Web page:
Graham King

Solvitas perambulum

Building shared libraries in Go: Part 1

software go

Since 1.5, we can write C-style shared libraries (.so) in Go. These can be used directly from C and C++, but also from any language that can use a C shared library, which is most languages. Here’s the original design document. Let’s do a very simple example and call it from Python. In Part 2 we’ll do a more complex example and call it from C++.

Calling Go from Python

package main

import "C"

//export DoubleIt
func DoubleIt(x int) int {
        return x * 2

func main() {}

Save that in your GOPATH as doubler/main.go. The exported symbols (the functions the shared library provides) must be in a main package, with a required but ignored main function. They must be marked with magic comment //export <name> (no space), because go build will call cgo.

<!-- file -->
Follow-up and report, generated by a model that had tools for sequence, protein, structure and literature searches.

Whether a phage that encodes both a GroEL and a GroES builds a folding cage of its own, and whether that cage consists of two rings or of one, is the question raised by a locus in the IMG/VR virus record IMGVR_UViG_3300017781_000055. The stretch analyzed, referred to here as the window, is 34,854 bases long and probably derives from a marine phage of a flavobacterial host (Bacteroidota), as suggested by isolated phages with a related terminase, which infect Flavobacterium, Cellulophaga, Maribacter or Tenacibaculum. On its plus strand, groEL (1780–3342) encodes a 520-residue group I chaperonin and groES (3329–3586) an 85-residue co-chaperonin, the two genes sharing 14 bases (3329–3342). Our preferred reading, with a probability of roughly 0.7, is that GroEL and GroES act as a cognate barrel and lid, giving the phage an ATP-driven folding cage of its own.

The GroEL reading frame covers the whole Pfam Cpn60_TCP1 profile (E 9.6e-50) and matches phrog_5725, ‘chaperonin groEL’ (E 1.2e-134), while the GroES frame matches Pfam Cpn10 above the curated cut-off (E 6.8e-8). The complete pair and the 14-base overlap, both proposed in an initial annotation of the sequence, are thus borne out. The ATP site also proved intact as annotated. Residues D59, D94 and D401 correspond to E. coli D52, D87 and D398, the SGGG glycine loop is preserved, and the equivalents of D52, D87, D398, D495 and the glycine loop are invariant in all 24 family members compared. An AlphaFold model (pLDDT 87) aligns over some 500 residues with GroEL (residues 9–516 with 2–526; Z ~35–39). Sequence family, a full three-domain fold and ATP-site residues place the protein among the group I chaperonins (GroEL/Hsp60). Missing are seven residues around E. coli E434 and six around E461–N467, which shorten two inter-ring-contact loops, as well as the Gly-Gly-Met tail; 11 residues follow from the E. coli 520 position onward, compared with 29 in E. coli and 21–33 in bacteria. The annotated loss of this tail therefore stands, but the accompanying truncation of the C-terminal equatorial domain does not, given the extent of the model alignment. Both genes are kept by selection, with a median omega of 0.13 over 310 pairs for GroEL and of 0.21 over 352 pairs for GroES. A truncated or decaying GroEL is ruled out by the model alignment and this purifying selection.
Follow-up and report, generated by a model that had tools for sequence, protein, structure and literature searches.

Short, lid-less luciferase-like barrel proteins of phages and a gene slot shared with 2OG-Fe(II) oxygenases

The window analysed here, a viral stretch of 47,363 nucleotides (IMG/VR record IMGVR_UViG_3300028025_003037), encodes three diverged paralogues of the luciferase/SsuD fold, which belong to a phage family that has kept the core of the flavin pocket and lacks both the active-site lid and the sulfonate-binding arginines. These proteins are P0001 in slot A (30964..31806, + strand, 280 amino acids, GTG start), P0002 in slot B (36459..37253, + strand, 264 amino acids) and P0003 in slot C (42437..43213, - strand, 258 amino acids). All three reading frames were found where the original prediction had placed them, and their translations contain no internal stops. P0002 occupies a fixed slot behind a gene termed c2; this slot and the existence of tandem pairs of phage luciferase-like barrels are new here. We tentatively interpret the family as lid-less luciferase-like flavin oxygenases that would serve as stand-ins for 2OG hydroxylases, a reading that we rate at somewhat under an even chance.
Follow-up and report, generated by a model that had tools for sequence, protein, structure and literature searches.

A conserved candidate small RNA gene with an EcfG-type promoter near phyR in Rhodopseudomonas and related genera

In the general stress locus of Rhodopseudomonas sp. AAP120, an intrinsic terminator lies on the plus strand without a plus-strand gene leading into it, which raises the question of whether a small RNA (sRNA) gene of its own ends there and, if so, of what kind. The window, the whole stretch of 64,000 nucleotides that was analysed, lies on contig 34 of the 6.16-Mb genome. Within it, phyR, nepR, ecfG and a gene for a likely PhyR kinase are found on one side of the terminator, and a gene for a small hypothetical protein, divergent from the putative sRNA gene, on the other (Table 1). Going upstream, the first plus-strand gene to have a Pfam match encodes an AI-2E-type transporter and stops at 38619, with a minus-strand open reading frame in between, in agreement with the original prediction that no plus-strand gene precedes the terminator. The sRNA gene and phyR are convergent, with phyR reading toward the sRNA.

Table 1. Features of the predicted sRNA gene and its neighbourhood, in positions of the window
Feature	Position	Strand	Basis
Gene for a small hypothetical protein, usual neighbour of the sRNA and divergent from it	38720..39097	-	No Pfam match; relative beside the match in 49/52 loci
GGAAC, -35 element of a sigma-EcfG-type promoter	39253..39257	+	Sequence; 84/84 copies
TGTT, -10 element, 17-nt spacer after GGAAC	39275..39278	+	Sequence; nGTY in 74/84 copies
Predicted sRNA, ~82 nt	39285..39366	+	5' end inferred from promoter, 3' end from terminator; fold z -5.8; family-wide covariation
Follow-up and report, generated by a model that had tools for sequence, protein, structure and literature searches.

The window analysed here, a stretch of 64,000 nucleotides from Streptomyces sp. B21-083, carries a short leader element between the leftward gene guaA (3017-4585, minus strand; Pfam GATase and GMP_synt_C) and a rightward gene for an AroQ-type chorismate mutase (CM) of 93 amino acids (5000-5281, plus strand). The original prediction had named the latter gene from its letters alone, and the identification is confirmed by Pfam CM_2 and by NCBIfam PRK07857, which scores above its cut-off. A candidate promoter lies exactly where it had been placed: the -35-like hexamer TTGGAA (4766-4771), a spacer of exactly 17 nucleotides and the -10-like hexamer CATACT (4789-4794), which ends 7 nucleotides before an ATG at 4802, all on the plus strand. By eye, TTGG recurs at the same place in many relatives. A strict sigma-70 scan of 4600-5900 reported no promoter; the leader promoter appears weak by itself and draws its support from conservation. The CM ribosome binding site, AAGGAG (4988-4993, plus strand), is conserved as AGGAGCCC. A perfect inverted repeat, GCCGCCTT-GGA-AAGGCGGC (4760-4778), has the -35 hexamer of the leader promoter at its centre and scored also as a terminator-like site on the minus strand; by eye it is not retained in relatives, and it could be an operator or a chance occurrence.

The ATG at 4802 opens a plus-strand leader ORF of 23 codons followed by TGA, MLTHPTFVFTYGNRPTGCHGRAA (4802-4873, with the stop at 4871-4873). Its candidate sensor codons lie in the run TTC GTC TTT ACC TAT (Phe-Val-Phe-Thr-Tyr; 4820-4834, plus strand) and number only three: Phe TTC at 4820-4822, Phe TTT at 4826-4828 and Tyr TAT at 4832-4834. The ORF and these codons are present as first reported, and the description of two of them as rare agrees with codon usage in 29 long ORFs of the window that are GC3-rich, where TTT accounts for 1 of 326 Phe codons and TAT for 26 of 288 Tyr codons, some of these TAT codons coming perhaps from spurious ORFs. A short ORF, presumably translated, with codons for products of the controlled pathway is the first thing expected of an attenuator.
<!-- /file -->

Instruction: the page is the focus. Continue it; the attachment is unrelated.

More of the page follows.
go build -o -buildmode=c-shared doubler

This puts in your current directory. Let’s check we really have a dynamic shared library:

$ file ELF 64-bit LSB shared object, x86-64, version 1 (SYSV), dynamically linked ...

$ nm -D | grep "T DoubleIt"
000000000005d230 T DoubleIt

Well that looks good. Let’s call it from Python, because Python’s ctypes makes this incredibly easy:

>>> import ctypes
>>> lib = ctypes.CDLL("")
>>> lib.DoubleIt(21)

Ta da!

For me this ability to build normal shared libraries makes Go a first-class language on Unix. In later posts we’ll do a more complex example with C++, and time permitting a SWIG example with Ruby.